Marketers targeting complex buyers need to have extensive knowledge about their products and services so that their marketing campaigns and assets can provide people with the information they need to fully understand their options.

Dissonance-reducing buying behaviour

Dissonance-reducing buying behaviour is another buying behaviour with high consumer engagement, and it’s also typically associated with important purchases. However, consumers in this scenario struggle to see differences between brands or their products and services, and because of this limited information, they cannot conduct the kind of research or investigation before purchasing that’s common in complex buying scenarios. This can unsettle consumers, many of whom worry that they’ll have cause to regret their choice post-purchase.

Marketers targeting dissonance-reducing buyers typically rely on post-purchase support campaigns. For example, someone buying a new-to-market tech gadget is more likely to rest easy with their purchase if they know they’ll have access to help and support with any issues after they get the product home. This tactic can also create brand loyalty, encourage repeat purchases, and help with customer retention.

What influences consumer behaviour? 

Personal factors

There are a number of personal and demographic factors that influence consumer behaviour. These include:

  • age.
  • gender.
  • profession.
  • income.
  • social class.
  • culture.
  • interests.
  • opinions.
  • education level.

Psychological factors

Psychology and marketing are closely linked, and it’s important to note that because no two people are the same, no two responses to any marketing campaign will be the same. Psychological factors that influence an individual’s consumer behaviour include their:

  • attitude towards a number of topics, from the brand, to the product, to consumerism itself.
  • perceptions about the brand, the product or service, and the consumer’s own needs.
  • cognitive understanding

Social factors

Social influences play a huge role in consumer behaviour. A person’s relationships and connections to other people form an important part of their identity, and can significantly impact their choices when buying everything from a cup of a coffee to a holiday abroad. Social influences can include:

  • close relationships with family members and friends.
  • peer-group relationships, such as those with social acquaintances and colleagues.
  • external parties, such as advertisements and social media.

Tips for conducting consumer behaviour research

When developing marketing strategies and planning marketing efforts, conducting consumer research should come first. This research can be quantitative and qualitative, and can include methods such as:

  • Existing consumer buying behaviour reports. Research typically starts by compiling all of the data already available. Sales reports, web traffic reports on e-commerce sites – through analytics providers such as Google Analytics – and more will already exist within the business. Bringing it all together in one place is a good starting point – marketers can better understand how people are making their purchase decisions, what product life cycles currently look like, and then make predictive assumptions about what steps can be taken to influence consumer behaviour based on the existing trends.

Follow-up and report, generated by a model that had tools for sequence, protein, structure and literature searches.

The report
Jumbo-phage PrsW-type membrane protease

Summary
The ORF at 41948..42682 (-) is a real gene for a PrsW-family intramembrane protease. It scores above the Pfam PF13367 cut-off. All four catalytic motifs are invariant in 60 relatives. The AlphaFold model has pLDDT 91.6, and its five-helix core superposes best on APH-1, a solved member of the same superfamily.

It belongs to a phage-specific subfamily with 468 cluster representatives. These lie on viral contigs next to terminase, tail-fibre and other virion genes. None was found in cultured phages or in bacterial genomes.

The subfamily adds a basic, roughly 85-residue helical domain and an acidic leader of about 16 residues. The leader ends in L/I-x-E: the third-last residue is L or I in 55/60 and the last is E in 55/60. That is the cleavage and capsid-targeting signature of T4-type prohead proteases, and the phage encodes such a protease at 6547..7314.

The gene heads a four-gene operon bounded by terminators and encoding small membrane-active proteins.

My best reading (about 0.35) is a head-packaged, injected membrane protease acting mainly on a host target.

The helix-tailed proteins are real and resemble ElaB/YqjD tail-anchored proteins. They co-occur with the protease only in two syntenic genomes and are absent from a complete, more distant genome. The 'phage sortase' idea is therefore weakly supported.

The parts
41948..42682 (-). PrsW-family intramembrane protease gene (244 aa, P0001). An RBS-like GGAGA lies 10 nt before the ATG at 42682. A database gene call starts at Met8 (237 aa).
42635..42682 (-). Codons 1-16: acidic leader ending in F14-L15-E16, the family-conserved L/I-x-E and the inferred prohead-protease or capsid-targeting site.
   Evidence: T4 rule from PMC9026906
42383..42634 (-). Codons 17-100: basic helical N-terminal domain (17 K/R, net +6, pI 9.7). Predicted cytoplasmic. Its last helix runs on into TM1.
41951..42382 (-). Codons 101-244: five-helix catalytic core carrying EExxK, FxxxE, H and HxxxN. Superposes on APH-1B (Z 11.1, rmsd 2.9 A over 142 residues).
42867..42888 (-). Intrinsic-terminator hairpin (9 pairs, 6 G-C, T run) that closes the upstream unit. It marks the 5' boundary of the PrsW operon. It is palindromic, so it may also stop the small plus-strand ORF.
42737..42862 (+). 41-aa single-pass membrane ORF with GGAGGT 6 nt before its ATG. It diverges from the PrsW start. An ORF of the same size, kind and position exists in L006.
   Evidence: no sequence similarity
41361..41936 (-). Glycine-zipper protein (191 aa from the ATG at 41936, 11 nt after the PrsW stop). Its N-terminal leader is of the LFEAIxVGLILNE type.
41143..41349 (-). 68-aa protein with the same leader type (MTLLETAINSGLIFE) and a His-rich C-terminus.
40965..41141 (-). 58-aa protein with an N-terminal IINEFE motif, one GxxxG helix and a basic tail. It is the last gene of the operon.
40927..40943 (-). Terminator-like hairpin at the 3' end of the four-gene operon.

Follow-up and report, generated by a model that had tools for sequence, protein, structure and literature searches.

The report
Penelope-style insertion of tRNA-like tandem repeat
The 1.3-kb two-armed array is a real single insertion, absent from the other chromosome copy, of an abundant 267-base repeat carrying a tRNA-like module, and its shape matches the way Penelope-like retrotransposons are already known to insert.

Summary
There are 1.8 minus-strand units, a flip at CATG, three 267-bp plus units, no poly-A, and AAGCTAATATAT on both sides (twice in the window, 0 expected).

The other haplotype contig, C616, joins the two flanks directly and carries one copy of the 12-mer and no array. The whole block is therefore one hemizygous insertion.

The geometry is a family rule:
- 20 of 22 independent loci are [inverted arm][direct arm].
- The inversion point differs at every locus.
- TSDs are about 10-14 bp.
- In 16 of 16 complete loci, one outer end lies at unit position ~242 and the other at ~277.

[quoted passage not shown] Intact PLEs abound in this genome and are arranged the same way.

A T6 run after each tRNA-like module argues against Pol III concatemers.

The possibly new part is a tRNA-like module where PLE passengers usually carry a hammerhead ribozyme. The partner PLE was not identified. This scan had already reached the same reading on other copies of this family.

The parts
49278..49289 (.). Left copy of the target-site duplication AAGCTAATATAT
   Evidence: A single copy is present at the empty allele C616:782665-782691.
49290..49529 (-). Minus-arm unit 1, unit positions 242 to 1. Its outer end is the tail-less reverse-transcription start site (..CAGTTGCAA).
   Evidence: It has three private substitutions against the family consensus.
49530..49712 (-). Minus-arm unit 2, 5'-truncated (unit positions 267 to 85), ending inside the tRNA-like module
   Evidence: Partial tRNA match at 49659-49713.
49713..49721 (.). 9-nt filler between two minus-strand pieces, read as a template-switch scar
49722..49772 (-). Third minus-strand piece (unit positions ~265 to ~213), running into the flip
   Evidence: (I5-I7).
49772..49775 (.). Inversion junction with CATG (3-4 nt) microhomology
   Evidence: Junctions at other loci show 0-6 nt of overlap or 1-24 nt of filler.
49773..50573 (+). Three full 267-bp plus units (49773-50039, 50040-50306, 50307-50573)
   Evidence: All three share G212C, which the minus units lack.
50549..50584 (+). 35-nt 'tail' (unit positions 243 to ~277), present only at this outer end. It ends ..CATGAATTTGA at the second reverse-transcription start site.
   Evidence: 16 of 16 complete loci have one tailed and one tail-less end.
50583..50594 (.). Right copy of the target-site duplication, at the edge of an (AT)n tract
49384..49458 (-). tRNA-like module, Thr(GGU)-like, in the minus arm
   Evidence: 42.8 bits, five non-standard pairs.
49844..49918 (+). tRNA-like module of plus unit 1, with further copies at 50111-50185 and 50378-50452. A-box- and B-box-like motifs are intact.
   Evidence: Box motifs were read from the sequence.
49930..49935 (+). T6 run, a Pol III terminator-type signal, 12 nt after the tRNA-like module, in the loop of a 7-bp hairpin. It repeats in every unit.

• Market segmentation. A huge area of market research is market segmentation. It allows marketers to break down their customer base – or target customer base – into more granular segments, each with its own unique characteristics, stimuli, decision processes, and so on. Once these segments are identified, marketers can then tailor their activities for each segment, targeting each group with different products and messages.
  • Focus groups. Bringing together a group of consumers can help marketers dig deeper into everything from how consumers make buying decisions and their existing purchase process, to their personal thoughts about the organisation’s existing customer experience and reputation.

Broaden your business and marketing skillsets

Explore consumer behaviour and consumer psychology in greater depth with the MSc Management with Marketing degree from the University of Lincoln. This flexible programme has been designed for people who want to develop the business and marketing skills that are in highest demand with employers, and because it’s taught 100% online, you can study around your professional and personal commitments.

One of the key modules on this programme is in applied consumer behaviour, so you will have the opportunity to develop a critical perspective of how an understanding of consumer behaviour can be used by marketers to develop and inform marketing practice within a sustainable marketing context.